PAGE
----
Using A Sports Drink When You Really Don’t Need One If you sweat heavily, work out for more than 90 minutes, or exercise in hot, humid conditions, reaching for a sports drink rather than plain water is a smart way to keep hydrated, stay fueled and replace the electrolytes lost in sweat. But if you’re exercising for less than an hour and a half, in a climate-controlled gym, plain water should be fine. The carbs in sports drinks are designed to keep you going when you can’t stop to eat, but if your muscles don’t need the fuel, just one 20 ounce bottle means consuming a surplus 35 grams of sugar, the amount in about 20 gummy bears. And while unsweetened coconut water is a little lower, an 11-ounce jug still contains 15 grams of potentially unneeded carbs.

Not Eating After A Workout Because You’re Afraid To “Eat Back” What You’ve Burned While it’s true that overcompensating for a workout by eating too much can prevent you from shrinking your fat cells, striking the right balance is key. Working out takes a toll on your body, and having the right raw materials to heal and repair the wear and tear is important for seeing results. In other words, it’s not just the training itself, but the healing from the training, that mends muscles, boosts metabolism and makes you more toned and fit. So while a good hard workout isn’t a license to sit down to a big plate of pasta, or eat dessert every night, you should be eating something afterwards, with a goal of delivering the nutrients your body needs to properly recover.

Only Eating Protein Post Workout While protein is a key recovery nutrient, it’s only one piece of the puzzle. In addition to a lean protein source, like a smart phone-sized portion of fish or chicken or a scoop of lentils, you should aim for plenty of produce (to replenish nutrients and supply antioxidants), a healthy fat source (which also helps muscles heal and optimizes circulation), a small serving of a whole grain, like wild rice or quinoa (to replete glycogen, the carbohydrate stored in muscle tissue, which serves as a primary fuel source during exercise) and of course fluid, preferably good old H2O (to rehydrate). If you exercise after work, a great post-workout recovery dinner would be a stir-fry made with chicken, shrimp or organic tofu, along with a variety of colorful veggies, over a small portion of whole grain rice, topped with sliced almonds or black sesame seeds. For a simple aromatic stir-fry sauce, that’s not loaded with sugar, whisk together a few tablespoons of brown rice vinegar, with a splash of fresh squeezed citrus juice (like tangerine or blood orange), and a dash each of fresh grated ginger, minced garlic and crushed red pepper.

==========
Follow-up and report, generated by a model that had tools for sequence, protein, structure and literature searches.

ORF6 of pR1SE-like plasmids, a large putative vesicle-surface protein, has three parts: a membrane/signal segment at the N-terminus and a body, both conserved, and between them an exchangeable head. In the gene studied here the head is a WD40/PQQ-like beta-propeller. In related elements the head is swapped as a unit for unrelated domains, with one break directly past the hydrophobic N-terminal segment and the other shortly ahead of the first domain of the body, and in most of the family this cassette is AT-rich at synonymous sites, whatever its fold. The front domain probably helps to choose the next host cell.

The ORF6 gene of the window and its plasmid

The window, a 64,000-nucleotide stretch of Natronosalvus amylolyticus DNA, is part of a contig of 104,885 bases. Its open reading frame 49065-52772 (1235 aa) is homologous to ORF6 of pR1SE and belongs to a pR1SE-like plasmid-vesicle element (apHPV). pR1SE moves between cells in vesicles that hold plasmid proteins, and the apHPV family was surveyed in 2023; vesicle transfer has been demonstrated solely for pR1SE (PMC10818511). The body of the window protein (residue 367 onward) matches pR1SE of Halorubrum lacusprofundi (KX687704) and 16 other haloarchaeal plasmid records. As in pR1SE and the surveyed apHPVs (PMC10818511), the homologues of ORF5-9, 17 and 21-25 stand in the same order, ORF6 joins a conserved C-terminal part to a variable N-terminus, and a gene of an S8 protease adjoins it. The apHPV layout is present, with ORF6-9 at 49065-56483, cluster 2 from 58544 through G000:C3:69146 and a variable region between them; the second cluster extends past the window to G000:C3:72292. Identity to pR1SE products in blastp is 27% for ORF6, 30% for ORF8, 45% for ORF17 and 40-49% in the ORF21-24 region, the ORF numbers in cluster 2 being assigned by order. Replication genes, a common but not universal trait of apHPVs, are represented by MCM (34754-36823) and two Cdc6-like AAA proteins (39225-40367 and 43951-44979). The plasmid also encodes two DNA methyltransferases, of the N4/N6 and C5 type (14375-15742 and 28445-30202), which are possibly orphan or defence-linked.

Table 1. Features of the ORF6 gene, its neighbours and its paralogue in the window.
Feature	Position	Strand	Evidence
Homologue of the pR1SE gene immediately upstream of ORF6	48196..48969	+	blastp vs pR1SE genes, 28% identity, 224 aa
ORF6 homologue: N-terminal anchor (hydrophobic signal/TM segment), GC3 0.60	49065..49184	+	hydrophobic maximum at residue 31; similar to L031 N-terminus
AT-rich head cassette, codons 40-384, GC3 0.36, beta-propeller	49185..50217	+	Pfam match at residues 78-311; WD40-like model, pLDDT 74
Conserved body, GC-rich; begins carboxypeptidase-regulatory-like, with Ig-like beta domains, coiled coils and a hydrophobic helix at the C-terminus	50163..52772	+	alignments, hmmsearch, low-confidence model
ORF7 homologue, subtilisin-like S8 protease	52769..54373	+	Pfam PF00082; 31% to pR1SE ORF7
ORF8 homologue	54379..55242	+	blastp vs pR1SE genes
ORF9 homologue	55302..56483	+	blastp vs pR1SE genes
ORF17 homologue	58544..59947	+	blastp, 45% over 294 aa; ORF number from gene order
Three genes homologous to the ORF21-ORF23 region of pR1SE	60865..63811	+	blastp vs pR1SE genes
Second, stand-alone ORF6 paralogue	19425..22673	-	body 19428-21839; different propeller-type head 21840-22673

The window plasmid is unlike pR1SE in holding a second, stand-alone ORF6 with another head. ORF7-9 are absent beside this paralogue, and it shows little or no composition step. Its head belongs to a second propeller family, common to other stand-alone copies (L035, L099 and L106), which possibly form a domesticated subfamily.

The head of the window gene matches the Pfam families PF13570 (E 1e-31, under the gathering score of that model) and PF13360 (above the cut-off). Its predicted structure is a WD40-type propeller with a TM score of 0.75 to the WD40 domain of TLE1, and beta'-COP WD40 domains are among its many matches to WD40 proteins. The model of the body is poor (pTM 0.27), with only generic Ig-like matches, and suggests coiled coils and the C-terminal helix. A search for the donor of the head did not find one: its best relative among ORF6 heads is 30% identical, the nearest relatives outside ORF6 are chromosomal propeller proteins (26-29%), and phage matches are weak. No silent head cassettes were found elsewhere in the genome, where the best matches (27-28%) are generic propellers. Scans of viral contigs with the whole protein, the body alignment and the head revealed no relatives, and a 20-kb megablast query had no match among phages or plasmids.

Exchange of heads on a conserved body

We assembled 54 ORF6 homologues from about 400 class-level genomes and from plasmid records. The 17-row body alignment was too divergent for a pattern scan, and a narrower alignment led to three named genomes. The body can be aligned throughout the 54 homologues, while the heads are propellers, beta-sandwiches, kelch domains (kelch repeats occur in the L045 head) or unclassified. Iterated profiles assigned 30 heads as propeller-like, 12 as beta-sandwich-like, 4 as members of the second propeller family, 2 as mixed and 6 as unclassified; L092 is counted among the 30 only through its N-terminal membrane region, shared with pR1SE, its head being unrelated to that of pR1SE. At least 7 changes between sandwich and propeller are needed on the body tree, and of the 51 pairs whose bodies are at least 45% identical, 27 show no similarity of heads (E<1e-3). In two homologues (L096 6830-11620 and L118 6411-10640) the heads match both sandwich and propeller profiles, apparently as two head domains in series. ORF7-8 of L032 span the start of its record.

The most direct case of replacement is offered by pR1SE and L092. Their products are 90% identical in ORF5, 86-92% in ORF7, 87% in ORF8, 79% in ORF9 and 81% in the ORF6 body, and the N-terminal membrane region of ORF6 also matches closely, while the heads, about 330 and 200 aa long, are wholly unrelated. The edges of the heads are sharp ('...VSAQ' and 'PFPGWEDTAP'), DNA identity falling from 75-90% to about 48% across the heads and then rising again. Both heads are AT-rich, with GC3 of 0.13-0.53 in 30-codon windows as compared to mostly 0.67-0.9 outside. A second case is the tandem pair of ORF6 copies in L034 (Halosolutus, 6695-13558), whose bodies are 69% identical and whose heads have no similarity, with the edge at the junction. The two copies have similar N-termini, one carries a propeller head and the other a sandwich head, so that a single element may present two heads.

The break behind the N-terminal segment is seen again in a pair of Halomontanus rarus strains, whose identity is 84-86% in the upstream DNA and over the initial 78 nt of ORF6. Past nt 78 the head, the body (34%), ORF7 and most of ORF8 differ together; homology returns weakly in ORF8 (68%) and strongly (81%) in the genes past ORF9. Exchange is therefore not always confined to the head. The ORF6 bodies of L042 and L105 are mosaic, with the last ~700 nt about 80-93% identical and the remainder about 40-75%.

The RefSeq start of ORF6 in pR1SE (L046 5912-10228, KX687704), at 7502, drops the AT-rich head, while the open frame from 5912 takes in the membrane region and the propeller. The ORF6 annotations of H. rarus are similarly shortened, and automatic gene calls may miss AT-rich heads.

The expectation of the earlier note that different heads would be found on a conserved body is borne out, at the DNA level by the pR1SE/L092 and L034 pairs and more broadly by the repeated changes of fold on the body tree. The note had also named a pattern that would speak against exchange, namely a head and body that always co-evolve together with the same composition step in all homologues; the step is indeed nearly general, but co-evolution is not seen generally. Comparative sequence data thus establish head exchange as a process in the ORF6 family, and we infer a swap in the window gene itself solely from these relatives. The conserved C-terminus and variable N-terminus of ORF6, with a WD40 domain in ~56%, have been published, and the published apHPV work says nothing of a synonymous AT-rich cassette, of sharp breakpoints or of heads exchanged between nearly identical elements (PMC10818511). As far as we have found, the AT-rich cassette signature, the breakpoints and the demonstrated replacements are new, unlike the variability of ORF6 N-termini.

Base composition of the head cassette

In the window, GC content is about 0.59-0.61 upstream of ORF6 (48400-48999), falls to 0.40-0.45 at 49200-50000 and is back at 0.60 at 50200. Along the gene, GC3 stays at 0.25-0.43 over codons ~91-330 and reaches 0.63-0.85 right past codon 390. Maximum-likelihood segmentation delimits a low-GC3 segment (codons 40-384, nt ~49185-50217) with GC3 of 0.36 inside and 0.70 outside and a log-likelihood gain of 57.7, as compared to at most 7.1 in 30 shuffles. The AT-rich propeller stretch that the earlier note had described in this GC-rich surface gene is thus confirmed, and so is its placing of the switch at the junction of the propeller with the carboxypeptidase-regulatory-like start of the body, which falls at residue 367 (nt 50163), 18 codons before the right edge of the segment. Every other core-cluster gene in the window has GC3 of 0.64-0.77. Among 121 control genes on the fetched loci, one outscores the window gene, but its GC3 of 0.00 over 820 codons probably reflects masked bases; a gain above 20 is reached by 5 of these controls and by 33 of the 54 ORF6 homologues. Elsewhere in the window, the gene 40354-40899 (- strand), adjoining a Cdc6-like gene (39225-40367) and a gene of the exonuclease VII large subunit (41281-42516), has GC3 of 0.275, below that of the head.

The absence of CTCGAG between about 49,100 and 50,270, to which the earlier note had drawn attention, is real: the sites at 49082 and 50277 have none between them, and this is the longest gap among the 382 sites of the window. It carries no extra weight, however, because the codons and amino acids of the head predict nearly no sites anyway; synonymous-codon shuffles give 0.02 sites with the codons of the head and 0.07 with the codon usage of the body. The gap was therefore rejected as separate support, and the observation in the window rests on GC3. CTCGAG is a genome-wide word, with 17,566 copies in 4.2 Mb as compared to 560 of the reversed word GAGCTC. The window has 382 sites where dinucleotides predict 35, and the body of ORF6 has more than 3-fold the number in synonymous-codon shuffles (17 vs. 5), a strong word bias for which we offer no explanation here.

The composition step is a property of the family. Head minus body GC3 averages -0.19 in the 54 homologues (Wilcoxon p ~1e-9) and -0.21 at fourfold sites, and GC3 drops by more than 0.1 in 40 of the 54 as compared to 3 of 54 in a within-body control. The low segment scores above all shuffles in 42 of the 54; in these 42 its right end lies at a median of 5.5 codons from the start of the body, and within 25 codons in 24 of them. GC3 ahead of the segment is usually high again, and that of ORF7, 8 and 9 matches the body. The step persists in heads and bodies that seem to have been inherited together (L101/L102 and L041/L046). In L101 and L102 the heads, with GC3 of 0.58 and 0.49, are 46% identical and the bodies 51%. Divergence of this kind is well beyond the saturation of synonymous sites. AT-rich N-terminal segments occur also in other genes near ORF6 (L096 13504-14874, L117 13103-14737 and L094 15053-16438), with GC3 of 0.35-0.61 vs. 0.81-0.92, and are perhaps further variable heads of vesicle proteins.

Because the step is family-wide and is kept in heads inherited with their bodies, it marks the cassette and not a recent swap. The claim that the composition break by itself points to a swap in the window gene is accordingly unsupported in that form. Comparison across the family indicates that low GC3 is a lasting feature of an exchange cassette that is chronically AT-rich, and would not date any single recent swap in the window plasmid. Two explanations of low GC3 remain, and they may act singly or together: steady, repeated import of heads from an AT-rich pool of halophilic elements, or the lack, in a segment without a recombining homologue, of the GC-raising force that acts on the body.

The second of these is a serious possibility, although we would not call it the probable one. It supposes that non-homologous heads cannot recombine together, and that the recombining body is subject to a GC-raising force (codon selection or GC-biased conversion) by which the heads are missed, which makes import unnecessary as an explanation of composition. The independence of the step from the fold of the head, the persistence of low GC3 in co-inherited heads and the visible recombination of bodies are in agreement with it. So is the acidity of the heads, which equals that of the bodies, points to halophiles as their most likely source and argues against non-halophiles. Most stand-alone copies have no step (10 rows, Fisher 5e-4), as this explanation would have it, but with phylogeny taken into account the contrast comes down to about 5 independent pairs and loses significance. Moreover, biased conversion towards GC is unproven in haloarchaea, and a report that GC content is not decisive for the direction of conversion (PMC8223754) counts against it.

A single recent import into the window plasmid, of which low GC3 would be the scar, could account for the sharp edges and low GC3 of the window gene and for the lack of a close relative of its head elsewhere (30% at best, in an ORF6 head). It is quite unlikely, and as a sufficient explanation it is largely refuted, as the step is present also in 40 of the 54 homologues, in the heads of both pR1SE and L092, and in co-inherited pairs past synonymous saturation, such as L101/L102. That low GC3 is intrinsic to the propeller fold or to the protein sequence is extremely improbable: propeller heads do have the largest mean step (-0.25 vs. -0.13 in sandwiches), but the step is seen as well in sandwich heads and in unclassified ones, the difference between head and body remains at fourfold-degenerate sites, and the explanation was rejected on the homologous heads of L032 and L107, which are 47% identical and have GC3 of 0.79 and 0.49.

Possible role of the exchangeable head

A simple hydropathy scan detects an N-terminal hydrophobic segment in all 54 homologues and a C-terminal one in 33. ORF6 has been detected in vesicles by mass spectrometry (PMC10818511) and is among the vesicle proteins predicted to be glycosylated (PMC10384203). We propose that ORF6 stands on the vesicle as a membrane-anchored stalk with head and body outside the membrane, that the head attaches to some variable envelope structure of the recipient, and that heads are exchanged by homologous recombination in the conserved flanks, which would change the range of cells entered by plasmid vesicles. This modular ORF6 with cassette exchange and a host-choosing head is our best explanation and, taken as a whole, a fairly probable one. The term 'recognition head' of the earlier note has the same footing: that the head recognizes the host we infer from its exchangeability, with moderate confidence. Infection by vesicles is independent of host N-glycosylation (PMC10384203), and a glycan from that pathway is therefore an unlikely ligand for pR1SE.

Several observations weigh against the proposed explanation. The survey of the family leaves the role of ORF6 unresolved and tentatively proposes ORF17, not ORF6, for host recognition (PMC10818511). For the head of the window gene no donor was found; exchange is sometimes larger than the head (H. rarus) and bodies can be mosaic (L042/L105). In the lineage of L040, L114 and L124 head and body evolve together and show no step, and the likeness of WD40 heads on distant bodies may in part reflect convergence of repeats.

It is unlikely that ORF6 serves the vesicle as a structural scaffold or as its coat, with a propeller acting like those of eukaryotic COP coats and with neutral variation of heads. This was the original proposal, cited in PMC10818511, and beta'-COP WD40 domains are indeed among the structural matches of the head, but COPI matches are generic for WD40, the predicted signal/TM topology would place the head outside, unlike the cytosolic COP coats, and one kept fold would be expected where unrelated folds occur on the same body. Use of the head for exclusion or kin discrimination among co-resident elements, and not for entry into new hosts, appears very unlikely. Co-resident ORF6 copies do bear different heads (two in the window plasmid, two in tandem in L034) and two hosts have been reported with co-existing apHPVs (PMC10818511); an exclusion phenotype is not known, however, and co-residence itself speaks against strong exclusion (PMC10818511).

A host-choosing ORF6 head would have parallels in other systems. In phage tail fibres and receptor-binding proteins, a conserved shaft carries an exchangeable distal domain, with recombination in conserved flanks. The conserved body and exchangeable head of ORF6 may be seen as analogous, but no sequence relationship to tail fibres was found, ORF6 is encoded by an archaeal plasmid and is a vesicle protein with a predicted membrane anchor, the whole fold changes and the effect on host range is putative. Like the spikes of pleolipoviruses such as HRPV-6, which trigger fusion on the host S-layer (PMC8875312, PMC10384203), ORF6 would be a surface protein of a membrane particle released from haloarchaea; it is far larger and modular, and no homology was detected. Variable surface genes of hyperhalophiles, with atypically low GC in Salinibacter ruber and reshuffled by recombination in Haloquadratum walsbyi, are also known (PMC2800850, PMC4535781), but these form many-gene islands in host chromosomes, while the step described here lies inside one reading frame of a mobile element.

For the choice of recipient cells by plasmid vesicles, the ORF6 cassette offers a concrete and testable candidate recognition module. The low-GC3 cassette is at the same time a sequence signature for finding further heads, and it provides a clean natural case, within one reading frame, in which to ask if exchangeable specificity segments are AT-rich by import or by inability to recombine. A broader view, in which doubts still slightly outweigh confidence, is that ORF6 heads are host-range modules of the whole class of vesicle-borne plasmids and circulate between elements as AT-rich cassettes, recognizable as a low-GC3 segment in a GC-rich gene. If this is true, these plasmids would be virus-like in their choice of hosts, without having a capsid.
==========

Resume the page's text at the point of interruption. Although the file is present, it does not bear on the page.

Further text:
Doubling Up On Recovery Meals For my pro athlete clients, I highly recommend eating something like an all natural bar or shake within 30 minutes of the end of a game or a tough training session whenever possible, because starting the recovery process within a half hour has been shown to help maximize healing. But employing this strategy if you’re not a pro can wind up working against you. For example, if you munch on a bar or grab a smoothie on the way out of the gym, then go home and eat dinner, you may be in recovery overkill. While it might not register as a meal, a bar with 30 grams of carbohydrate, 5 grams of fat, and 10 grams of protein is like eating a small turkey sandwich with mayo. And a smoothie can be the equivalent of three to four handfuls of fruit, plus a container of yogurt. Downing these “snacks” just an hour or so before eating a regular dinner, can mean giving your body far more than it needs for recovery, which results in feeding your fat cells, rather than shrinking them. If you’re going to be eating a meal with an hour of leaving the gym, skip the bar and shake. And if it’s going to be a little longer, munch on something like almonds, which supply some protein, good fat and nutrients, to tie you over.